No knives out after the death of Benedict

Last night, our family watched the 2019 movie “Knives Out.” It’s the second time I’ve seen this excellent, entertaining film, which I heartily recommend (I have not yet seen the sequel). This time, I watched it right after our beloved Pope Emeritus Benedict XVI died, and I guess that’s why, even as I laughed and enjoyed the clever, inventive plot twists and dialogue, I was hit hard by the melancholy of it all. It’s a movie about many things, but partly about a man, and a family, that has failed.

Nearing the end of his life, the fabulously wealthy and successful murder mystery author Harlan Thrombey realizes that privilege has ruined his family, and he wants to set things right before it’s too late. The chaos and tumult that follow are all a result of his efforts to correct his mistakes, which have multiplied and compounded over the years.

I know it’s weird, but when we saw Thrombey sprawled in his cluttered study, his life blood pooling on the floor, the panic and dysfunction and lies and machinations swirling out around his choices, I couldn’t help thinking of the other old man, old Benedict, so clean and so still, in such repose in his chapel, waiting quietly for the grave. Benedict was so fragile when he died, his bone so close to the surface of his skin, as if even every inch of his flesh, as well as his energy, has been used up in the 95 years of service of the work he loved.

This isn’t just a silly, random contrast between a real man and a movie character. I really have been thinking about death, and how we live in preparation for it, and how that preparation affects everyone around us. I have been marveling with gratitude at how easy on the Church Benedict made his death, and how many years in the making this ease has been. I’m old enough to remember a tiny bit of the tumult when John Paul II was elected, and also when he died, and also when Pope Francis was elected. Benedict XVI’s unexpected renunciation of the papacy did throw the Church into confusion for a time, but then he lived exactly has he promised to do — quietly, in complete docility, showing nothing but support, love and respect for Pope Francis, until all but the most pop-eyed fanatics had to grudgingly believe he meant exactly what he said: that he was no longer pope, and Francis was, and the Holy Spirit was in charge, amen, the end, live with it.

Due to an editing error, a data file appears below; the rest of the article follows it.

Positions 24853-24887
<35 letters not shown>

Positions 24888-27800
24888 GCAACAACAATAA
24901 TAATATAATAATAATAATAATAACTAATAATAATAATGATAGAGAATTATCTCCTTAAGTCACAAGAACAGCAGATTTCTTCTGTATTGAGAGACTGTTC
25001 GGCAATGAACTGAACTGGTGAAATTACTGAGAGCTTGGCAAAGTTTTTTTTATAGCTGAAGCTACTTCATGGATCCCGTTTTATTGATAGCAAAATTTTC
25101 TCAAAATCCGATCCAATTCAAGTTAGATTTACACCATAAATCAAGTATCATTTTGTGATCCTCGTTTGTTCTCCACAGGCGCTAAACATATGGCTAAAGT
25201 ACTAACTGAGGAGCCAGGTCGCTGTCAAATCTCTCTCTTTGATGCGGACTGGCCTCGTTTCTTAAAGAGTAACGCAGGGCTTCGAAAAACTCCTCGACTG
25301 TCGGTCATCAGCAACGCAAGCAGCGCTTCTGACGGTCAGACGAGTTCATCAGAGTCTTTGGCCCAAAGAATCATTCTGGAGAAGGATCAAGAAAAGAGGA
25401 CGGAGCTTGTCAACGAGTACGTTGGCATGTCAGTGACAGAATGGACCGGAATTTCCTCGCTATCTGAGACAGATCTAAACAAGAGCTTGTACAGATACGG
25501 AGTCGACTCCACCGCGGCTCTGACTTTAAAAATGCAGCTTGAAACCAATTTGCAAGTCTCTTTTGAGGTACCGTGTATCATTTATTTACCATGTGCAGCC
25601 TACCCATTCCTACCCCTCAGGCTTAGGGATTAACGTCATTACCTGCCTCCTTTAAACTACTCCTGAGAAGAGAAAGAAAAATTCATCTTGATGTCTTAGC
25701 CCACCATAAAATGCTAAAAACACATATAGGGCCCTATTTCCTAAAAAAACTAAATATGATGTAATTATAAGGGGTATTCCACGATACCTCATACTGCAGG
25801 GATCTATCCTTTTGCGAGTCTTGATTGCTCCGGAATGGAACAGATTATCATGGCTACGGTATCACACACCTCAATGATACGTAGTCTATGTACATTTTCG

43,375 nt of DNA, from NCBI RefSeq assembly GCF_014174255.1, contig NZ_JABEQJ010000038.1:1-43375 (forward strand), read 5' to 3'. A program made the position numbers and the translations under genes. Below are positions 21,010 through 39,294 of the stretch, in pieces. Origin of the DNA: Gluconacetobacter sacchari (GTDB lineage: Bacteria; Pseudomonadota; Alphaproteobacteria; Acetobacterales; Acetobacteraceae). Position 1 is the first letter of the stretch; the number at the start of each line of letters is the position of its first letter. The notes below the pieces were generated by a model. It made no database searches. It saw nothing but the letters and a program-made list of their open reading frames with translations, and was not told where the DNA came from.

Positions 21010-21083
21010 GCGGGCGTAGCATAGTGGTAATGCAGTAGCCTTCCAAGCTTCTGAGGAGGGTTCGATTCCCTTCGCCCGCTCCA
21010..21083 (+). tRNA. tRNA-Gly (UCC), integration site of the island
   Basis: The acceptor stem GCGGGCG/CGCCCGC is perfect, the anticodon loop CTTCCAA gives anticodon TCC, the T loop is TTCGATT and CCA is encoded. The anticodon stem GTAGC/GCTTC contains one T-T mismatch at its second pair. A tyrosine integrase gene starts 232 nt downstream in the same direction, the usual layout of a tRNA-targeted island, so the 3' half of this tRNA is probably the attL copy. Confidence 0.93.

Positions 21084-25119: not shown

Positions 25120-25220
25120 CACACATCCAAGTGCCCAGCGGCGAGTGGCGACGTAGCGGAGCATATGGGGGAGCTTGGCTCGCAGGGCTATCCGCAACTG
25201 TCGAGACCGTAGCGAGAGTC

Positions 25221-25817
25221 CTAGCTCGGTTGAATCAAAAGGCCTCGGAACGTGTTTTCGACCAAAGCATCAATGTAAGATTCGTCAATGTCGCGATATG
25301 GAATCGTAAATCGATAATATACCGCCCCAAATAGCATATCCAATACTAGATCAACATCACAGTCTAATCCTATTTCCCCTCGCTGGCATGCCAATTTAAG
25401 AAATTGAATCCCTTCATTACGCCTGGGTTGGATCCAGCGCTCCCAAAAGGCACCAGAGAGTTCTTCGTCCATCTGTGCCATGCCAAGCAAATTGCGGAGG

And so, having made these preparations and having lived them out, he now seems to be passing into the waters of eternity with the smallest of ripples, having already accomplished most of the work of transition, like a kindly grandfather who has prepaid for a funeral, cleaned his house and carefully labeled his belongings for his heirs.

And what about those heirs? … Read the rest of my latest for OSV

Image: Pope Benedict XVI (2010) . By Mazur / /Catholic Church England and Wales. CC BY NC ND 2.0

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8 thoughts on “No knives out after the death of Benedict”

  1. It was a well-done movie except for the anti-white moral and fetishizing of illegals that Hollywood always barfs up.

    1. Oh, I disagree whole heartedly with that. It was way better than barf.

      I’m fairly conservative politically (as in we’ve flown a Trump flag on our gate and we consider a family trip to the gun store good clean fun) and I live two hours from the border and have had people here illegally break into my house to try and escape the police.

      I LOVED Knives Out. LOVED it. It’s a fantastic, wonderful illustration of hypocrisy and virtue signaling, and the lies the elite (and maybe the woman in the mirror) tell themselves about how wonderful they are and how all that vanishes the instant they have to sacrifice something.

      And I thought making the protagonist an immigrant was totally appropriate too. That IS a vulnerable population (which is why we need to actually FIX our immigration system rather than kick the can down the road, but I digress…) that makes an excellent foil to the privilege and comfortable (and mostly performative) morality of the other characters.

      And if were anti-white, I don’t think Daniel Craig would have been cast as the detective.

      1. Honestly it is an example of the lie they tell themselves, that white people are bad, except for a few, and they are all those few “and just look at this movie we made that proves it.” The bad white people are working class white men who are entitled pricks like Captain America. Illegal immigrants are humble and pure like the heroine. You never see the guy who killed Kate Steinle represented in Hollywood movies. Maybe in Breaking Bad.

  2. This was so beautiful and consoling to read, thank you. It’s also the push I needed to watch Knives Out. 🙂

  3. Knives Out reminds me of my extended family, both sides.

    My oldest sister just ran off with a billionaire, after 36 years of marriage, six kids, and the DS boy in a wheelchair who is the saint we need to intercede for us all.

    I’ll admit, I cheered when she did it. Her ex assured her that her Catholic a** was going straight to Hell.

    I still don’t trust her, nor my brother who shamed her and then partied with them at the polo club where Prince Andrew plays. She is in the society pages now.

    The plot thickens.

    God bless Pope Benedict. He is a grand human being.

    Pope Benedict, please pray for my crazy family. XOXO

    1. No one in our family is good looking enough to run off with a billionaire. I’m jealous of your genes!

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